• … in Expression . Letter 10072 - Pape, C. to Darwin, [16 July 1875] …
  • … in her garden. Letter 13650 Kennard, C. A. to Darwin, [28 January 1882] …
  • … Variation . Letter 6126 - Binstead, C. H. to Darwin, [17 April 1868] …
  • … of Variation . Letter 6237 - Bullar, R. to Darwin, [9 June 1868] …

Cross and self fertilisation

Summary

The effects of cross and self fertilisation in the vegetable kingdom, published on 10 November 1876, was the result of a decade-long project to provide evidence for Darwin’s belief that ‘‘Nature thus tells us, in the most emphatic manner, that she abhors…

Matches: 17 hits

  • self fertilisation in the vegetable kingdom , published on 10 November 1876, was the result of a
  • by insects, and on the good effects of intercrossing (1862), and in several papers on plants with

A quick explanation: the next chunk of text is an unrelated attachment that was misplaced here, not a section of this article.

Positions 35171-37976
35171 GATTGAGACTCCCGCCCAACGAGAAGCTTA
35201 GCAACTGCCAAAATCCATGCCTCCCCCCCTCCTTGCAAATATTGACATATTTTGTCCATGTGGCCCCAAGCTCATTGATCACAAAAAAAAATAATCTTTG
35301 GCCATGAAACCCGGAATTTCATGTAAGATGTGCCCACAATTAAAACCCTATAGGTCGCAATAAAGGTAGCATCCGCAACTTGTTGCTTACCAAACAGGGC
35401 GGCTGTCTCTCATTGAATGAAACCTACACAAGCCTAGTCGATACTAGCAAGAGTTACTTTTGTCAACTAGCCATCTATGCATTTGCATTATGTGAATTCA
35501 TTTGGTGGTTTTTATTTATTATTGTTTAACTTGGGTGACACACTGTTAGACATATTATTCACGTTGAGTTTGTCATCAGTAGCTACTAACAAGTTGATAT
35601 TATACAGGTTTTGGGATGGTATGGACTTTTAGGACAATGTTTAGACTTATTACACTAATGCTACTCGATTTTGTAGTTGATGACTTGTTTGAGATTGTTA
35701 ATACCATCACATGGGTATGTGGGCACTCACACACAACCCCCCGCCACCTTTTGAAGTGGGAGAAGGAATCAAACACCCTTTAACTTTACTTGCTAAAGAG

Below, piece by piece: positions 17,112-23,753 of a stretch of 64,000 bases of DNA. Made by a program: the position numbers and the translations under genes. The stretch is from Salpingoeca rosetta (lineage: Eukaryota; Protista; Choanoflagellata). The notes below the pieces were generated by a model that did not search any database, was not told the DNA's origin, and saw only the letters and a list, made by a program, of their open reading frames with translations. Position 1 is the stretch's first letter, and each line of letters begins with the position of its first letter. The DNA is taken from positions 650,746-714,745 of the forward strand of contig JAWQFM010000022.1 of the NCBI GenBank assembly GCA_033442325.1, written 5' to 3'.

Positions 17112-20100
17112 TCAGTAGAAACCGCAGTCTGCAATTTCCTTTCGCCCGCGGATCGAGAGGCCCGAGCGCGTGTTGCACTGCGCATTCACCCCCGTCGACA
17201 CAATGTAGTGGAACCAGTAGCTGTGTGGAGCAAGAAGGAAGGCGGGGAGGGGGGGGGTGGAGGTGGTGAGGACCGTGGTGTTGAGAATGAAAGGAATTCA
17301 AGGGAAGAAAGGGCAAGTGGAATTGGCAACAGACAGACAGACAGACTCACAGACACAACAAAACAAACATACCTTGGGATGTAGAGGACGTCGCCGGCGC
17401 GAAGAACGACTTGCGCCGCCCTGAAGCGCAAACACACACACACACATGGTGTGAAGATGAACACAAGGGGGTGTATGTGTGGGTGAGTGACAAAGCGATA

• of different forms of pollen. Although many plants that Darwin observed had flowers with adaptations
  • rates, growth, and constitutional vigour. Although Darwin was no stranger to long months and years
  • … … is highly remarkableIn September 1866, Darwin announced to the American botanist
  • of the young plants is highly remarkable’ ( To Asa Gray, 10 September [1866] ). By early December, …
  • when grown together for several years ( To Édouard Bornet, 1 December 1866 ). Darwin began a
  • access to flowers was only the tip of the iceberg. Darwin next focused on the California
  • in divergent climatic conditions’ ( From Fritz Müller, 1 December 1866 ). Darwins interest was
  • when self-fertilised, although fewer than crossed plants. Darwin sent some of these seeds to Müller, …
  • … [1868] ). Müller, in turn, sent seeds from his plants to Darwin and both men continued to